Last week I had a very interesting and productive visit the US’ east coast, speaking about the Battle for Syria at American University, GW University, Georgetown, Harvard and Tufts.
At POMEPS at GW, I recorded a podcast with Prof. Marc Lynch discussing the book:
“I think the most important change [in Syria] was a stepping back by the United States,” said Phillips. “You get a desire by all passing opportunities being seen by other emerging regional powers: notably, Turkey, Qatar, and Saudi Arabia in opposition to the rise of Iran. They all want to take advantage, or to push their own agendas more. as the U.S. seems to step back. Because they have a particular interest in Syria, Syria ends up pretty early on a battle ground for these regional rivalries. One thing that really struck me doing this research was going right back to the summer of 2011, after the Arab Spring begins to settle down a little bit— and Syria continues to escalate into conflict. Most of these regional actors are looking at Syria, not with alarm, but as an opportunity. And I would argue that they are on their own way pouring fuel onto the fire of the conflict, rather than to sort of try to deescalate. I think that’s a major reason why you see a rush to arms answer.”
“I don’t think you’ll see much change from the Saudis, rather than just trying to back the non-jihadist groups in a non-Muslim Brotherhood groups,” said Phillips. “Turkey, on the other hand, you do see a full 180— and it’s been quite recent. It’s almost too late and sort of getting a little bit negligent on the threat posed by jihadists, even after ISIS capture Mosul. Turkey is very reluctant to join the United States coalition against ISIS— and only after it starts getting targeted at home by ISIS attacks does it begin to switch and turn on ISIS.”
At Harvard, the Crimson newspaper covered my talk:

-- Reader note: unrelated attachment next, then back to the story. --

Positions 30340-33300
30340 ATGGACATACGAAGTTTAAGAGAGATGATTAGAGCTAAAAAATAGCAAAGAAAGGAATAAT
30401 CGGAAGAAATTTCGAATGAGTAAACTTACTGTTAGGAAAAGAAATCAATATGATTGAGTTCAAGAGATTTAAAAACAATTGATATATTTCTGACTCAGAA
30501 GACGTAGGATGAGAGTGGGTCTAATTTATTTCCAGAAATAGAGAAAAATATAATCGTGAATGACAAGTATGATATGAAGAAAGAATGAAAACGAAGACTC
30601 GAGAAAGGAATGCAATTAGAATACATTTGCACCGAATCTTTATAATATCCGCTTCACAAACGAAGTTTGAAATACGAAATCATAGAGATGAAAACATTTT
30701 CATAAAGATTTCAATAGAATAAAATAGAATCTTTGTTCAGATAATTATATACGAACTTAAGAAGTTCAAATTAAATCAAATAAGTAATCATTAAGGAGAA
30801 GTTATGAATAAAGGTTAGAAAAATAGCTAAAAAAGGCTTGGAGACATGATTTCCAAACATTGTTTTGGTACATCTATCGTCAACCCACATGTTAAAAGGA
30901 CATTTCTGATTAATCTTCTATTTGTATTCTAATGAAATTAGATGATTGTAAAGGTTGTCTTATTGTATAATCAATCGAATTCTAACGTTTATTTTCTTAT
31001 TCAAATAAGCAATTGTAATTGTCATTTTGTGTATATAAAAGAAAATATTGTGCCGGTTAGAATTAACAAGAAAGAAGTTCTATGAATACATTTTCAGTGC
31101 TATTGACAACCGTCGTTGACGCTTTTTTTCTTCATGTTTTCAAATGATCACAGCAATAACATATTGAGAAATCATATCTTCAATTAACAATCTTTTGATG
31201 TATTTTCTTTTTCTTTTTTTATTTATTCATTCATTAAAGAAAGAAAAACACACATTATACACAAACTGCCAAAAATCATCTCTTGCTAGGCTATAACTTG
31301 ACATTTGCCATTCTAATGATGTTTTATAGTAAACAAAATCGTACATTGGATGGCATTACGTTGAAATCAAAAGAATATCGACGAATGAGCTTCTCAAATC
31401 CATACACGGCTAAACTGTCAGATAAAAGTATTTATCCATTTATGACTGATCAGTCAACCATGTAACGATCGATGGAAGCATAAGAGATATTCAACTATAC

Analyzing the international dynamics of the long-running conflict, University of London lecturer Christopher Phillips discussed his latest book on the Syrian Civil War at the Harvard Kennedy School on Monday.
Moderated by Kennedy School Professor Stephen M. Walt, the seminar provided contrasting perspectives on the external factors that influenced the middle-eastern region. Phillips, a guest lecturer, emphasized the tendency for the conflict’s different participants to escalate tensions rather than pursue peace, a subject his new book, “The Battle for Syria: International Rivalry in the New Middle East,” focuses on.
Citing the different interests of Russia, Turkey, and other parties within Syria, he said the conditions surrounding the conflict emerged due to a power vacuum caused by a “Post-American Middle East.”
In particular, he argued that the accepted American policy of minimizing “boots on the ground” in the aftermath of Iran, combined with assertive regional powers and misinterpretation, created conditions that promoted conflict over de-escalation within Syria.
During the talk, Phillips focused on former President Obama’s decision to call for Bashar al-Assad to stand aside in August 2011, a move he called an “uninformed political decision,” and attempted to explain its implications.